British firms don’t currently export to Europe, they simply deliver
The UK has been working under a fundamental illusion for the last 40 years. It hides in plain sight in virtually every government statistic, every government publication, Brexit readiness guide, departmental report, select committee hearing indeed everywhere. Even companies fall foul of it and it colours the entire understanding of what it is to be an EU Member State. It is also the reason why all the preparation for a no-deal Brexit vastly underestimates its consequences and the certain, irreparable damage it will do. (Whatever the outcome of the Withdrawal Bill, unresolved at the time of writing, the risks of leaving the EU without a trade deal which resembles the current relationship in terms of trade is undiminished.)
The illusion is this. Many UK businesses that currently sell to customers in the EU have never exported. Doesn’t look right does it? But it is. I’ll explain.
Today, quite simply delivering to a customer in Birmingham is the same as delivering to a customer in Berlin. That’s because both these customers are in the same marketplace. The Single marketplace. Now I suspect some of you will say ‘talk about stating the obvious!’ but this simple truth carries a lot more weight than it appears to. This is the illusion. To this very day most people describe the former of these two transactions as the home market and the latter as exports. The latter is intracommunity trade based on a common regulatory framework and no tariffs. No-one needs to provide a special export certificate, complete a customs declaration, pay duty or undergo an inspection of the consignment at the border. Their goods travel anywhere in the EU, Birmingham or Berlin, with a simple commercial document; an invoice.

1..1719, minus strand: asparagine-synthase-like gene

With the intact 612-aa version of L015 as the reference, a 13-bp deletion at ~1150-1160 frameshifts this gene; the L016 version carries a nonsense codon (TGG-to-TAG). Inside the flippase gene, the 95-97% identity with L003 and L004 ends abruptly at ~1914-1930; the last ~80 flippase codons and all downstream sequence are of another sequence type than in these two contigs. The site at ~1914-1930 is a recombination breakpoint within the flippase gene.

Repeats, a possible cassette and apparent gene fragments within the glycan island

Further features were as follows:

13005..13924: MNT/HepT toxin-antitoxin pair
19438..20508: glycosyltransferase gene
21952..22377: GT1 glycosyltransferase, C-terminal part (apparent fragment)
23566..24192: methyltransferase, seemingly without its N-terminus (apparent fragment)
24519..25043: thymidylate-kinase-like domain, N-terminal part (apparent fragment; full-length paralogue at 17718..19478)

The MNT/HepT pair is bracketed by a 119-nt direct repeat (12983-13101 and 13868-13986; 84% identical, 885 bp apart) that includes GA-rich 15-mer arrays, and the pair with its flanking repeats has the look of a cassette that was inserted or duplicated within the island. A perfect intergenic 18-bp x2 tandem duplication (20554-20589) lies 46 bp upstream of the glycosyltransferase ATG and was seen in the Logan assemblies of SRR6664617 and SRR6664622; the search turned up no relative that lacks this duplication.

Today, quite simply delivering to a customer in Birmingham is the same as delivering to a customer in Berlin. That’s because both these customers are in the same marketplace.
‘Exports’ were always the domain of big, sophisticated businesses with export departments, customs experts, clearing agents, performance history to secure quota and the other paraphernalia needed to deal with the regulatory complexity of moving goods across borders. All of that eats into margin even for big companies but for smaller operators it is usually a deal breaker as they can’t even benefit from economies of scale. The cost of getting an export certificate or completing a customs declaration is the same for a pallet load or a truck load. The Single Market has opened a world of opportunity to small businesses that neither have nor need that sort of infrastructure to trade within it. This in turn, has changed the way trade is done.
International trade is largely shaped by the fact that there are customs procedures and checks at borders. Buyers and sellers agree what their terms are and this determines who is responsible for these procedures. In most cases the change of ownership of the goods takes place at a logical point with a clear relationship between exporter and importer and this is usually at the dockside in the country of origin or the country of arrival. Usually it is the importer that takes care of the import procedures, clearing customs and paying any duty.
Today, for trade within the EU, there are no exporters and importers. None! There are sellers and buyers. Sellers and buyers in Birmingham and Berlin delivering goods to each other uninterrupted by border procedures.
There is another major benefit and that is one of scale. Groupage, consolidation and small regular deliveries of fresh product almost on a daily basis to customers across the EU. Inventories are kept low, waste is reduced and businesses can offer a service that competitors half way round the world cannot. This is an incredibly liberating fact and the EU’s Single Market has done more to democratise trade than any trade deal we have or will ever have outside it.
Those that would try to sell the idea that doing our own deals will somehow replace this are deluded or haven’ t taken on board these basic facts. For some businesses, erecting the barriers that have been swept away by the single market will be every bit as disruptive as requiring export health certificates and tariffs on deliveries to Birmingham. The current trade model simply collapses under these circumstances and for many this will be terminal.